The Phanerozoic Eon is the current geologic eon in the geologic time scale, and the one during which abundant animal and plant life has existed. It covers 541 million years to the present, and began with the Cambrian Period when animals first developed hard shells preserved in the fossil record. The time before the Phanerozoic, called the Precambrian, is now divided into the Hadean, Archaean and Proterozoic eons.

Permian–Triassic extinction event Most severe extinction event of Earths chronology

The Permian–Triassic extinction event, also known as the P–Tr extinction, the P–T extinction, the End-Permian Extinction, and colloquially as the Great Dying, formed the boundary between the Permian and Triassic geologic periods, as well as between the Paleozoic and Mesozoic eras, approximately 252 million years ago. It is the Earth's most severe known extinction event, with up to 96% of all marine species and 70% of terrestrial vertebrate species becoming extinct. It was the largest known mass extinction of insects. Some 57% of all biological families and 83% of all genera became extinct.

The Triassic is a geologic period and system which spans 50.6 million years from the end of the Permian Period 251.9 million years ago (Mya), to the beginning of the Jurassic Period 201.3 Mya. The Triassic is the first and shortest period of the Mesozoic Era. Both the start and end of the period are marked by major extinction events. The Triassic period is subdivided into three epochs: Early Triassic, Middle Triassic and Late Triassic.

Laurasia Northern supercontinent that formed part of the Pangaea supercontinent

Laurasia, a portmanteau for Laurentia and Asia, was the more northern of two minor supercontinents that formed part of the Pangaea supercontinent from c.425 million years ago (Mya) to 200 Mya. It separated from Gondwana 215 to 175 Mya during the breakup of Pangaea, drifting farther north after the split and finally broke apart with the opening of the North Atlantic Ocean c. 56 Mya.

Synapsid Clade of tetrapods

Synapsids—not to be confused with therapsids, which are a subordinate group to synapsids—are a group of animals that includes mammals and every animal more closely related to mammals than to the other members of the amniotes clade, such as reptiles and birds. They are easily separated from other amniotes by having a temporal fenestra, an opening low in the skull roof behind each eye, leaving a bony arch beneath each; this accounts for their name. Primitive synapsids are usually called pelycosaurs or pelycosaur-grade synapsids. This informal term consists of all synapsids that are not therapsids, a monophyletic more advanced mammal-like group. The non-mammalian synapsids were described as mammal-like reptiles in classical systematics, but this misleading terminology is no longer in use as synapsids as a whole are no longer considered reptiles. They are now more correctly referred to as stem mammals or proto-mammals. Synapsids evolved from basal amniotes and are one of the two major groups of amniotes, the other being the sauropsids, the group that includes reptiles and birds. The distinctive temporal fenestra developed in the ancestral synapsid about 312 million years ago, during the Late Carboniferous period.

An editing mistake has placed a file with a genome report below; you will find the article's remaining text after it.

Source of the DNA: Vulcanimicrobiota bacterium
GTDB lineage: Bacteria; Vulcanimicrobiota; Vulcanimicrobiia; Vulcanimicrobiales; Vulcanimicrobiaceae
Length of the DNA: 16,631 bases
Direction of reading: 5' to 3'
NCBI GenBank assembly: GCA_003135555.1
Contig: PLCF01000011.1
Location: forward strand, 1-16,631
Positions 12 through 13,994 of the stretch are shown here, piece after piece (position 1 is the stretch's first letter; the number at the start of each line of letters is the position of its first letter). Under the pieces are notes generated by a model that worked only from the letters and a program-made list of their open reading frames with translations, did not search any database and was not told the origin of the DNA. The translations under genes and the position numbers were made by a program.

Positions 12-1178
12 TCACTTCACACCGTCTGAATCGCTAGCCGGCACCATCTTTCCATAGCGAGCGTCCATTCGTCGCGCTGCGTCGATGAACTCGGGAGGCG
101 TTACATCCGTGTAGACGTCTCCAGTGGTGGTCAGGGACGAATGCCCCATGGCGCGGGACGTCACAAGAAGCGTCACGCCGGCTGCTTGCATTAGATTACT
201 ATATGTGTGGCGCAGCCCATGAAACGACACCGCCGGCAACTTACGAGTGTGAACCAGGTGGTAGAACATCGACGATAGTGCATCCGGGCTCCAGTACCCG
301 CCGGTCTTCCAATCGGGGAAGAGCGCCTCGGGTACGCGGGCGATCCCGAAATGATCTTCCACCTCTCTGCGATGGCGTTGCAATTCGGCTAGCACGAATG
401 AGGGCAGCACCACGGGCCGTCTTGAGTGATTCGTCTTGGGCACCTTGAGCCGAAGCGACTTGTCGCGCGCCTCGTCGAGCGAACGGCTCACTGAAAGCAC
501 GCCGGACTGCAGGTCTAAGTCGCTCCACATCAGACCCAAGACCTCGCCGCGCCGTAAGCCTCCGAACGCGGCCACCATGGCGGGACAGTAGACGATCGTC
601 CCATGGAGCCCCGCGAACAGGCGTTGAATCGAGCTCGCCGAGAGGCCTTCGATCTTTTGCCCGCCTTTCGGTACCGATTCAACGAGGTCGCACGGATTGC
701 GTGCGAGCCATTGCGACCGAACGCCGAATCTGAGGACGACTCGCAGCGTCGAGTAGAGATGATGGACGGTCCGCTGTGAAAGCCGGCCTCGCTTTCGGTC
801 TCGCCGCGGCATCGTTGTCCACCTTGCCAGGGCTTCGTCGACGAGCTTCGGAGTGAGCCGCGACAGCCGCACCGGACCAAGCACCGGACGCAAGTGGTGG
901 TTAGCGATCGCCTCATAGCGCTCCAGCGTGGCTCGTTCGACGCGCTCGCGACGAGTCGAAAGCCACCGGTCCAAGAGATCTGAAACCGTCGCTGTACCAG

The Guadalupian is the second and middle series/epoch of the Permian. The Guadalupian was preceded by the Cisuralian and followed by the Lopingian. It is named after the Guadalupe Mountains of New Mexico and date between 272.3 ± 0.5 – 259.8 ± 0.4 Mya. The series saw the rise of the therapsids, a minor extinction event called Olson’s Extinction and a significant mass extinction called the end-Capitanian extinction event.

<i>Lystrosaurus</i> Genus of Late Permian and Early Triassic dicynodont therapsids

Lystrosaurus was a herbivorous genus of Late Permian and Early Triassic Period dicynodont therapsids, which lived around 250 million years ago in what is now Antarctica, India, China, Mongolia, European Russia and South Africa. Four to six species are currently recognized, although from the 1930s to 1970s the number of species was thought to be much higher. They ranged in size from that of a small dog to 2.5 meters long.

The Cisuralian is the first series/epoch of the Permian. The Cisuralian was preceded by the Pennsylvanian and followed by the Guadalupian. The Cisuralian Epoch is named after the western slopes of the Ural Mountains in Russia and Kazakhstan and dates between 298.9 ± 0.15 – 272.3 ± 0.5 Mya.